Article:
Because I don’t want to ruin any of the good parts for you, I’ll sum up this portion by saying that the story is funny as heck, due in no small part to the expertly deployed “text slang” used for dialog. (The writing feels very similar to Ryan North’s Unbeatable Squirrel Girl, for the comic book fans among us).

I consider the deliberately low-poly, explosively colorful visuals a tasty treat for the eyes. The diverse characters smartly juxtapose with the somewhat tame environments, making the events Donut County feels simultaneously possible and improbable. I really dig the aesthetics, man.

Even better, the game runs precisely as it should. (In fact, I think I’d be more surprised if something this incredibly simple were lacking in framerate or resolution.) If you’re worried that potential technical issues may break your sense of immersion, don’t. No kidding.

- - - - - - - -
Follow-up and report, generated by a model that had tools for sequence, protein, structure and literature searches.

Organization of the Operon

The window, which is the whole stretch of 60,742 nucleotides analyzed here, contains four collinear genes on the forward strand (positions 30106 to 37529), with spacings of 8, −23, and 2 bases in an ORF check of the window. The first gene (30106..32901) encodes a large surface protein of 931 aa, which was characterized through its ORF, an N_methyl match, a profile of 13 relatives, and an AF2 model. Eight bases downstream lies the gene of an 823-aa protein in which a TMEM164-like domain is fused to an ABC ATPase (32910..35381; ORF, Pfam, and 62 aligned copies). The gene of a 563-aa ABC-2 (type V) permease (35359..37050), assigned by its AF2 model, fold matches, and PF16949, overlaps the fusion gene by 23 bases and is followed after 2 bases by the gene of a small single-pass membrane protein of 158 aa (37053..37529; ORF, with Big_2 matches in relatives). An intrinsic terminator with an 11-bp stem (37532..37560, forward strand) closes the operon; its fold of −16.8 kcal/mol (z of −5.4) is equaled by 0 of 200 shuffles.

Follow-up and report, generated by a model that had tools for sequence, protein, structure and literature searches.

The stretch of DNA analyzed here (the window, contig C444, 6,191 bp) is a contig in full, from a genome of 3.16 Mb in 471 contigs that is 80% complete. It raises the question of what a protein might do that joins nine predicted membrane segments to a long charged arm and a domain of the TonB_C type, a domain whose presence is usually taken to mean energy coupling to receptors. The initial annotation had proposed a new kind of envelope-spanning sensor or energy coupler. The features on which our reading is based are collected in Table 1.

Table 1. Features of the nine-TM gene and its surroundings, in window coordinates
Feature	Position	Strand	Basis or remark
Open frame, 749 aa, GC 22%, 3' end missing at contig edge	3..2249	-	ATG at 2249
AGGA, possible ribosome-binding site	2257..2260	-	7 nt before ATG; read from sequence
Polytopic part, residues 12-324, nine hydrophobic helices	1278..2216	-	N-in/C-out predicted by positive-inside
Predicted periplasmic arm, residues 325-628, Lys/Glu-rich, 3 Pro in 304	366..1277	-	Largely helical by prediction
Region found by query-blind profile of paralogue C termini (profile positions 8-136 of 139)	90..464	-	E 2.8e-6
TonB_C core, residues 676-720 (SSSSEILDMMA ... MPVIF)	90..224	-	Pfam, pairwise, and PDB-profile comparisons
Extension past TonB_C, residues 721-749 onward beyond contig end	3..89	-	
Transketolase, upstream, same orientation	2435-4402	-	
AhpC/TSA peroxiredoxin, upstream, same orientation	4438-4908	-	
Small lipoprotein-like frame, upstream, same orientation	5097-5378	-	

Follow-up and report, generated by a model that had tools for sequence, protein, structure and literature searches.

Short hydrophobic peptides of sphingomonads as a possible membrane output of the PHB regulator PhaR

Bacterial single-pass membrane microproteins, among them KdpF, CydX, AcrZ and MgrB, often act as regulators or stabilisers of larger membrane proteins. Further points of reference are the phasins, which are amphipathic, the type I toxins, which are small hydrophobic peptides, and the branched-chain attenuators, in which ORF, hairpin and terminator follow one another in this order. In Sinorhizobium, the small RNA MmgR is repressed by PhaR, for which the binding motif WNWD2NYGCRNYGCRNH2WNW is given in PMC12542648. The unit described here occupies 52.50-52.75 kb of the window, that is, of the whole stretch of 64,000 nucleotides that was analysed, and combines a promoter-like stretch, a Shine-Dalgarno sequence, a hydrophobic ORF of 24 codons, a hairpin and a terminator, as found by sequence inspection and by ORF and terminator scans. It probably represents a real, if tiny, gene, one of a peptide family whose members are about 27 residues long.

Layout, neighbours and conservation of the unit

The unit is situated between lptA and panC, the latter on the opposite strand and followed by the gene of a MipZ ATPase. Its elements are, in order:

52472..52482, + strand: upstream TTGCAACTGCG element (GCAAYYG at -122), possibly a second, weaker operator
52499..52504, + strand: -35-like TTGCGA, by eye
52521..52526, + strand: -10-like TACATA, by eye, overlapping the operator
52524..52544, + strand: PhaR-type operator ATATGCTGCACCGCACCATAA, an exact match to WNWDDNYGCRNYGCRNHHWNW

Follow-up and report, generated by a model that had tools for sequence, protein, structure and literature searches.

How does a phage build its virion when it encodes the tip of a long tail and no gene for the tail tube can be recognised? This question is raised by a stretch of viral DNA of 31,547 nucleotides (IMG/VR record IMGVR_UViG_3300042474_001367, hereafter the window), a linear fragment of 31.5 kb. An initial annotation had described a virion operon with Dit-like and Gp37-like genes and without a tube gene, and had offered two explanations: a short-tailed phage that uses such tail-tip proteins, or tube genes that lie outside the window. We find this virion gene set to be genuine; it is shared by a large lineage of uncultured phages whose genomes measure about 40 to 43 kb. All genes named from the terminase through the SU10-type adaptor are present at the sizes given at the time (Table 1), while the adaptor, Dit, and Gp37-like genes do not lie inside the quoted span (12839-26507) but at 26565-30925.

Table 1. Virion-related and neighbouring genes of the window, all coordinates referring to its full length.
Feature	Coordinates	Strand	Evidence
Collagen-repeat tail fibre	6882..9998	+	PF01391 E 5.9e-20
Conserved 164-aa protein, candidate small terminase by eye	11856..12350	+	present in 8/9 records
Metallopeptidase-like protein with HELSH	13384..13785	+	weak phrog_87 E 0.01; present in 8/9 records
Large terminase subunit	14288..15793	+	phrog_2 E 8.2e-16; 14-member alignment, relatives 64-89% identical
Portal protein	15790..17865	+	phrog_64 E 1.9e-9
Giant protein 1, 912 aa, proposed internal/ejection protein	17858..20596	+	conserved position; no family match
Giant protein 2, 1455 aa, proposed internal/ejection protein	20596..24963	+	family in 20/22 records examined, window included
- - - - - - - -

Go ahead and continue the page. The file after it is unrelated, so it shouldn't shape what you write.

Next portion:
In short, Donut County pulls off its gorgeous presentation without ever taking itself too seriously. As someone who appreciates artistry and comedy in equal measures, you can call me impressed.



Far and away one of the most pristine aspects of the entire Donut County experience is the bumpin’ sound design, which perfectly meshes with the relaxing mechanics and colorful visuals.

Daniel Koestner and Ben Esposito’s soundtrack is a literal blessing to the human ears. The 42 tranquil, bass-heavy romps strung throughout the game do wonders toward setting the tone. Beyond that, they were an absolute joy to listen to again while writing this review.